BRIDGEWATER – Short-circuited last year in his efforts to mount an insurgency against Assembly Minority Leader Alex DeCroce, Assemblyman Pete Biondi (R-Hillsborough) has trudged into 2010 as the Republican lower-house version of Dick Codey – a cagey veteran now on the outside of his party’s inner sanctum and treading at the edges of political oblivion.
“None of this is personal,” said Biondi with a laugh.
But as he observed the coverage of last night’s bipartisan public Assembly hearing, he couldn’t help but feel a twinge of discomfort.
Fronted as a tag team event germinated by cross-the-aisle colleagues Assembly Majority Leader Joe Cryan (D-Union Twp.) and Republican Conference Leader Jon Bramnick (R-Westfield), the hearing was actually a longtime Bramnick project.
“I’m on cloud nine,” said the GOP’s new conference leader in the Assembly, who succeeded Biondi on the job as DeCroce’s number two guy.
“Before this went down yesterday, Democrats we’re saying – joking – ‘We’re taking whoever dreamed this up to the highest part of this building and making him jump,'” Bramnick added. “But what we had yesterday were 125 people each testifying – a lot of it very helpful, really good stuff. I just believe in the public. I believe most people are decent. I am so happy. If you did that on a regular basis, it would keep the legislature honest.”
Biondi didn’t love the event.
“Here you have a meeting to hear from the public,” he said with a shrug in his voice. “Look, I was mayor for eight years. I absorbed the public. I understood the public. You’re a legislator, a lawmaker – you were elected for your ideas and your philosophies. The question is, ‘ What happened to your common sense approach?’ You’re so disconnected, you need to be reminded the public is out there? We just had an election. The public spoke. Now they want us to do something. They want us to kill COAH (the Council on Affordable Housing), but from what I can see of this proposed legislation, it’s not going to be killed.”
Biondi’s caucus loss to DeCroce in a challenge that produced a handful of backers, including Assemblywoman Alison McHose (R-Franklin) and since retired Assemblyman Richard Merkt (R-Mendham), meant the rapid ascension of Bramnick from whip to conference leader in a move that just as speedily back-benched Biondi.
Post insurrection, the other two lower house Republicans from Biondi’s and McHose’s districts – respectively Assemblywoman Denise Coyle (R-Branchburg) and Assemblyman Gary Chiusano (R-Frankford Twp.) – promptly moved up to caucus leadership roles in a friends-close-enemies-closer calculation.
No comment, said Mchose, jettisoned from the budget committee in favor of Bramnick.
For his part, “Leadership is in place, and I just hope that when it comes time to raise the money that they will be able to raise money,” said Biondi.
On the other end of the drama, Bramnick listened to Biondi’s critique and didn’t disagree with the premise that a mayor or council person is in a better position to get a grip on public opinion at the street and gut level.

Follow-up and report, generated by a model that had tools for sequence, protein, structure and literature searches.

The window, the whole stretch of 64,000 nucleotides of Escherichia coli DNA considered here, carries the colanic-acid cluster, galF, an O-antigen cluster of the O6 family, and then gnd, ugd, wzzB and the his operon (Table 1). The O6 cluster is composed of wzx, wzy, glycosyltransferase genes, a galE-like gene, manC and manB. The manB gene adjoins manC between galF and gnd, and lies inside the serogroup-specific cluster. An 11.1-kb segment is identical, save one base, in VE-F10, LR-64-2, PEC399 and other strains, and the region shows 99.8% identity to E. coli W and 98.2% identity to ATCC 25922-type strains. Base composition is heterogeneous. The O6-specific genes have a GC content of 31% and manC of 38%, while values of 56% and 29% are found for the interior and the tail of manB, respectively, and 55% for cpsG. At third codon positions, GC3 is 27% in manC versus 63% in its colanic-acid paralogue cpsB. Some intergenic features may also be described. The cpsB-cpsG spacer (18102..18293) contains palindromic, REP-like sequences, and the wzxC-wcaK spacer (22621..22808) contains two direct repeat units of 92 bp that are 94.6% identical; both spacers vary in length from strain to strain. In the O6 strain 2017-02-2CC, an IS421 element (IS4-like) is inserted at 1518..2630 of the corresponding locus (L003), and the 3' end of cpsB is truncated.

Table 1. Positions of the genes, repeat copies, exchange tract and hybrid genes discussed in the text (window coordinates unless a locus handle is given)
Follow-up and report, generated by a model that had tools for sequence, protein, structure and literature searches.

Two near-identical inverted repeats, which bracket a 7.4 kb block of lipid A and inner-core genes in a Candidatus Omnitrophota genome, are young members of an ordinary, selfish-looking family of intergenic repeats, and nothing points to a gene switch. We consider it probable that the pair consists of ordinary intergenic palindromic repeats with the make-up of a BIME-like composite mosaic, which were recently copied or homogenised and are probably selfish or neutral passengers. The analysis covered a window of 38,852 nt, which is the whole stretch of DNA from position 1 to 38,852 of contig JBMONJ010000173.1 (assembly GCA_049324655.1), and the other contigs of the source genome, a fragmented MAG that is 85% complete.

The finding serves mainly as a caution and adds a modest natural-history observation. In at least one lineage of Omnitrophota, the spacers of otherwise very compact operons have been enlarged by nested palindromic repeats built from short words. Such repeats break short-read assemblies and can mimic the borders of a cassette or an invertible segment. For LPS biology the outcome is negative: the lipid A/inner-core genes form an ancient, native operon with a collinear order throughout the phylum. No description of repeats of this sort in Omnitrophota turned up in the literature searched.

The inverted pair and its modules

But he said that’s precisely the reason for last night’s Statehouse forum memory jog.
“When you are mayor, you do hear from the public routinely, and it’s unfortunate, but there is no broad based public discussion in Trenton,” said the conference leader. “Why is that important to continue? Because the times change, things have changed since we were mayors or councilmen. Why wouldn’t you keep the dialogue going? And the bottom line: it’s a public house and they pay for it. If we’re so smart, why is there a $1.2 billion budget deficit?
“Let’s face it,” Bramnick added, “on those committees, we usually hear from the same lobbyists. Last night, we heard a broad range of ideas. Jon Corzine thought toll roads monetization was a good idea until he went out and heard from the public and changed his mind. Another example – people at the college level and high school level, I think they have a better idea of young people. Being around young people – it keeps them young. To some degree, in my judgment, being around the public, keeps the ideas keep coming. And we’re not talking every night. We’re talking about a few times a year to let the public react directly to the legislature and what their legislators are doing.”
For Biondi, the larger issue remains message. Bramnick prides himself on being non-ideological.
“To be ideological on this job would make you a bad listener, in my judgment,” he once told PolitickerNJ.com.
Biondi thinks that’s a problem.
“I’ve not seen a strong core Republican message out of leadership the last few years, and we need to put a message out,” he said. “I’m optimistic that Gov. (Chris) Christie is going to do the right things. I believe Chris Christie is genuinely interested in doing the right thing. He needs a little time here. Hopefully, he will move forward. Remember, he’s the most powerful governor in the country. Anything this bipartisan legislature gives him, he can veto it, and they can’t override it. With that in mind, let’s stick to core Republican values.”
Empowered in the caucus at present, Bramnick said he feels those values are best embodied in a recognition of the public’s ultimate power – which, he argued, was what last night’s event demonstrated.